Busy Busan

In Busan, South Korea, Beomeosa temple climbed up a steep hillside. Legend says that at the temple’s mountain peak, there is a golden well which never dries up, home to a mythical golden fish. Hence the name of the temple, Beomeosa, means “Heavenly Fish.” The temple is home to so many Buddhas—big and small, goldContinue reading “Busy Busan”

The soul of Seoul

The Insa Dong neighborhood in the heart of Seoul was vibrant with activity: tiny shops with gifts in vivid primary colors, goods in bins on the sidewalk, the smell of food from street stalls around every corner, textured handmade paper hanging on racks, tea shops, young couples, tourists, and just life. I was traveling with aContinue reading “The soul of Seoul”

Making Tortillas in Guatemala

Working with the editors at Ceramics Monthly to publish my article on the women potters (see previous post) was an interesting learning process. They were looking for a reporter style article and asked me questions which moved me in that direction, so I contacted friends in Guatemala for quotes and details. Usually, though, I writeContinue reading “Making Tortillas in Guatemala”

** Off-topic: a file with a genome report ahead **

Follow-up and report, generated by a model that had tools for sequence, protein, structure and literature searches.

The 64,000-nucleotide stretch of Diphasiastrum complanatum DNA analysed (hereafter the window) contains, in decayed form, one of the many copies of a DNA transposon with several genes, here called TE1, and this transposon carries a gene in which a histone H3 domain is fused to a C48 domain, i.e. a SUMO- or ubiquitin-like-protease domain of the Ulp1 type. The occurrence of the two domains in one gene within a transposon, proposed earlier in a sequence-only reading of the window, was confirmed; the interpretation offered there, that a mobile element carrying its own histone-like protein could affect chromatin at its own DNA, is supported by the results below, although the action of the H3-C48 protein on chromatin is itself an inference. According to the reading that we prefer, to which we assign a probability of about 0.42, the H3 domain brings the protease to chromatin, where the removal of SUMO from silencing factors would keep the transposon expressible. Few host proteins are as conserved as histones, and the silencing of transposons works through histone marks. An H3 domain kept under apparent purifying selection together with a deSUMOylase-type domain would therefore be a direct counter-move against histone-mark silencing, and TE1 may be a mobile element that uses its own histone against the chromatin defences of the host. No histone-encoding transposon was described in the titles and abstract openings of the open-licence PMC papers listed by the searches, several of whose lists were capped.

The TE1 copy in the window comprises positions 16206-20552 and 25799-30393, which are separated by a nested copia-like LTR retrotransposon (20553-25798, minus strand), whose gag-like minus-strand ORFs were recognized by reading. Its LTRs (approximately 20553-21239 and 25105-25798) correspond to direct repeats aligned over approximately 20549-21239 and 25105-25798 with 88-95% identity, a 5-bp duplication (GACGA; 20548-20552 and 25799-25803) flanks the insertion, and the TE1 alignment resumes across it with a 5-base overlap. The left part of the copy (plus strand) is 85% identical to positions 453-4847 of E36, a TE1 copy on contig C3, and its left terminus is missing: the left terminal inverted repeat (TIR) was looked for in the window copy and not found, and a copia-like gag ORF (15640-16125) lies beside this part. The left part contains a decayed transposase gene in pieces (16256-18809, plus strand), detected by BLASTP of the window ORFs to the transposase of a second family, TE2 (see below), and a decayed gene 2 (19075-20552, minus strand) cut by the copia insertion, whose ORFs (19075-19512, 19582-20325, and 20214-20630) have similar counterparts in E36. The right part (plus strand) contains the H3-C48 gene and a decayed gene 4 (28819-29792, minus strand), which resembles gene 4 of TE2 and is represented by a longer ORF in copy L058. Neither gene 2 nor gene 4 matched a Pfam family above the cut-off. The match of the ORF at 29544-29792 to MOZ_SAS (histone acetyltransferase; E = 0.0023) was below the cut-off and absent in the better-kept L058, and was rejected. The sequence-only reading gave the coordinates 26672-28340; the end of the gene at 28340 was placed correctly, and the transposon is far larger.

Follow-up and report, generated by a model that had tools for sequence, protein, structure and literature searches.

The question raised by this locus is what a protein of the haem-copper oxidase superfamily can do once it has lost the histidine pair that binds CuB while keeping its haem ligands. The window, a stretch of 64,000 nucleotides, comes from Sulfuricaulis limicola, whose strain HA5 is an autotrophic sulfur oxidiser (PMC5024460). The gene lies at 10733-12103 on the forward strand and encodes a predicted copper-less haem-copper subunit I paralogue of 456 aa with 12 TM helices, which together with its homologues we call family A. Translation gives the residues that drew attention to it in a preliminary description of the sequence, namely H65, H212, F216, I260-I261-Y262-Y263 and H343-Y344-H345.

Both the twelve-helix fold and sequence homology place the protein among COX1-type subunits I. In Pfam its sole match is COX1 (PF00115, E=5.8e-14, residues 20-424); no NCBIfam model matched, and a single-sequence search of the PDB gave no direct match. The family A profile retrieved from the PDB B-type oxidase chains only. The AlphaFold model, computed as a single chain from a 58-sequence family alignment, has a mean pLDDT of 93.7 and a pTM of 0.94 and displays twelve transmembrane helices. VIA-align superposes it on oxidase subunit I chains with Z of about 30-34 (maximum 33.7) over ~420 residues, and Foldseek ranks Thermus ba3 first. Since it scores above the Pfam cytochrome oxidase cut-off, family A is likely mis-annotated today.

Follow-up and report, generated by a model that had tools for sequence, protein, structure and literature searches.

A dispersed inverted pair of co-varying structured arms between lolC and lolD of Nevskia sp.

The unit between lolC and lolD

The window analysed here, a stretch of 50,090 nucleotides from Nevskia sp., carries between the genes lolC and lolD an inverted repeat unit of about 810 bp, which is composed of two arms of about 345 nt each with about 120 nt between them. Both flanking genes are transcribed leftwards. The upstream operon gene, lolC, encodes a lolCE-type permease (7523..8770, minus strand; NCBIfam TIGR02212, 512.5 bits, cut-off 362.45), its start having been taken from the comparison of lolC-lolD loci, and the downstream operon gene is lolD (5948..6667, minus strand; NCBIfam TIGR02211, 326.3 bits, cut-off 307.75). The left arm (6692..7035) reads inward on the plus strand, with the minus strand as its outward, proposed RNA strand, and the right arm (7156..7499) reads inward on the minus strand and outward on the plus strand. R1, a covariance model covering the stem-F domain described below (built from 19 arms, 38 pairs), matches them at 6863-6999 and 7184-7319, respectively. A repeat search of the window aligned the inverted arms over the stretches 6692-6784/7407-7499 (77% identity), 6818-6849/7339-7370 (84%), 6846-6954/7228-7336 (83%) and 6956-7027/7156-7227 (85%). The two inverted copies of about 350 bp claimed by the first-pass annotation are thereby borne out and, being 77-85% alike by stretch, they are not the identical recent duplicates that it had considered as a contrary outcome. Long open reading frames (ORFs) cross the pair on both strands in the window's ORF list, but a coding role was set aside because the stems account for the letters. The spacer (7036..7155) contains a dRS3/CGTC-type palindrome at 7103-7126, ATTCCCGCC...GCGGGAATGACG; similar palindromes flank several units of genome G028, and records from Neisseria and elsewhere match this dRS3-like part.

Fate or coincidence

A visitor to the Georgetown Heritage Center, the old restored schoolhouse that hosts our Plein Air art show (A labor of love), told me a story about visiting a schoolhouse museum in Victoria, British Columbia. (I won’t repeat the story here; it’s his story.) He mentioned the Empress Hotel, which reminded me of my ownContinue reading “Fate or coincidence”

Pamplona: Bulls and elegant dinners

I have just learned that one of my favorite restaurants ever, anywhere in the world, is closing after thirty-two years: Restaurante San Ignacio. A wonderful indulgence on a memorable trip, and I never paid a cent for dinner because the owner, a dear friend, wouldn’t let me.  Most summers, I have spent a week inContinue reading “Pamplona: Bulls and elegant dinners”